Aurora, the goddess of dawn, sits enthroned on a cloud while a winged genius crowns her with a wreath of red and white flowers. Her arms outstretched and raised, Aurora holds a torch in her right hand and a small bouquet of flowers in her left. A putto flies forward carrying a gilded dish of more flowers. Night looms behind but, as goddess of dawn, Aurora will soon dispel the darkness. Below, her aged husband Tithonus shields his eyes from his wife's brightness. After seducing Tithonus when he was young and beautiful, Aurora asked Zeus to grant him immortality, but she forgot to ask for eternal youth as well. Every morning, the eternally youthful goddess had to rise and bid goodbye to Tithonus, who grows older each day.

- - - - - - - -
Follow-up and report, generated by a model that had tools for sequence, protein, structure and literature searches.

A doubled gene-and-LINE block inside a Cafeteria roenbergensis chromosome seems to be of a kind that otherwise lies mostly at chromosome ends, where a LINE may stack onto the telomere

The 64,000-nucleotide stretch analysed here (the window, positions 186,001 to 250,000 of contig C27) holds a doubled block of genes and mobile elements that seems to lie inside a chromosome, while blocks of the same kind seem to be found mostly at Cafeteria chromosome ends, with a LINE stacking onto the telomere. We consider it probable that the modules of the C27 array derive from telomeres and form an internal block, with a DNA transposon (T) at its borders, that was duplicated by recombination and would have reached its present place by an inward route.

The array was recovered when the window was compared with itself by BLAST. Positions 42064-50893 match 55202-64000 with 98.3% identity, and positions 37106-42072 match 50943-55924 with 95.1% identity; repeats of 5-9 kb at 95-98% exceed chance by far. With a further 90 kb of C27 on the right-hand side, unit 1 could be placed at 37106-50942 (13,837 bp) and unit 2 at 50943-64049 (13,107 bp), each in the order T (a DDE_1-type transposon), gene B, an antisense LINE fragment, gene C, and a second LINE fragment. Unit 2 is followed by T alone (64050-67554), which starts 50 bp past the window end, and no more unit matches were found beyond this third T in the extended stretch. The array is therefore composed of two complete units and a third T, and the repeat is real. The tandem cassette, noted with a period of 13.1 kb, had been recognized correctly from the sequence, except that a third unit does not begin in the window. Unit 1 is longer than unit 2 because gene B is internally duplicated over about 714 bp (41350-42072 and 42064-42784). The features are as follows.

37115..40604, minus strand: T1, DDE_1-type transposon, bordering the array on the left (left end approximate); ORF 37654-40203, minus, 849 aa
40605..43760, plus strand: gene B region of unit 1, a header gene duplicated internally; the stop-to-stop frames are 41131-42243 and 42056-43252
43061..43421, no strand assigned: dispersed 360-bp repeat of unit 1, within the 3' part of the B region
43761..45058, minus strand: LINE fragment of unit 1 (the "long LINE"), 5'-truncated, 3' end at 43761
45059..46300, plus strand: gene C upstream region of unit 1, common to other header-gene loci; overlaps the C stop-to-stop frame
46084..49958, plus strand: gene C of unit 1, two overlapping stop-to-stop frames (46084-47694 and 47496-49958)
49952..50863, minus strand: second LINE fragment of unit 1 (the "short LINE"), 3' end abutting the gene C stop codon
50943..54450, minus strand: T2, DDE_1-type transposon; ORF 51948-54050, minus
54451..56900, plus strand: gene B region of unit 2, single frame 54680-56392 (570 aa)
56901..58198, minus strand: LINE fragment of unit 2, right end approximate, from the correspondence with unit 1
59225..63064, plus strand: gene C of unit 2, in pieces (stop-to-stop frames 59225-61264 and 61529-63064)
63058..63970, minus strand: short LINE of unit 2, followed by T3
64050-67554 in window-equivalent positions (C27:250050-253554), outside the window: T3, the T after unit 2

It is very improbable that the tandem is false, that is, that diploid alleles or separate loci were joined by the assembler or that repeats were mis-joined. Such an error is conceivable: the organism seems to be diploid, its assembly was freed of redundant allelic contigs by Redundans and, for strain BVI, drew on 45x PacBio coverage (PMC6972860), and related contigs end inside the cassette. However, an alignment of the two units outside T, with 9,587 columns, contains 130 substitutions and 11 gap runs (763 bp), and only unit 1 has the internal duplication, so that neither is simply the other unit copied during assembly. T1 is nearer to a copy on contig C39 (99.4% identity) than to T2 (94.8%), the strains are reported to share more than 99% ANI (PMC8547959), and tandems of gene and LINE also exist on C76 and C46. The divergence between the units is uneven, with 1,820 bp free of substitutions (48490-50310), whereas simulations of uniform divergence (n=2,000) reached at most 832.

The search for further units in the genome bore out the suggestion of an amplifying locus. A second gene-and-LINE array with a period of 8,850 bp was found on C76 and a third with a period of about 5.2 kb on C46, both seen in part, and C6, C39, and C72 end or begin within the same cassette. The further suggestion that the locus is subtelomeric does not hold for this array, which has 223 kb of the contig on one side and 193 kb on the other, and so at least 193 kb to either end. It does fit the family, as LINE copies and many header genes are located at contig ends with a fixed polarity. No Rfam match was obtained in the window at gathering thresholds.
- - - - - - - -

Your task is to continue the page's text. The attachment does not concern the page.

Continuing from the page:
This large canvas and its pendant, Venus at the Forge of Vulcan, were probably parts of a larger ensemble made for the Procurator Canale in Venice. The series may commemorate a marriage, as the two pictures depict gifts exchanged between goddesses and their husbands.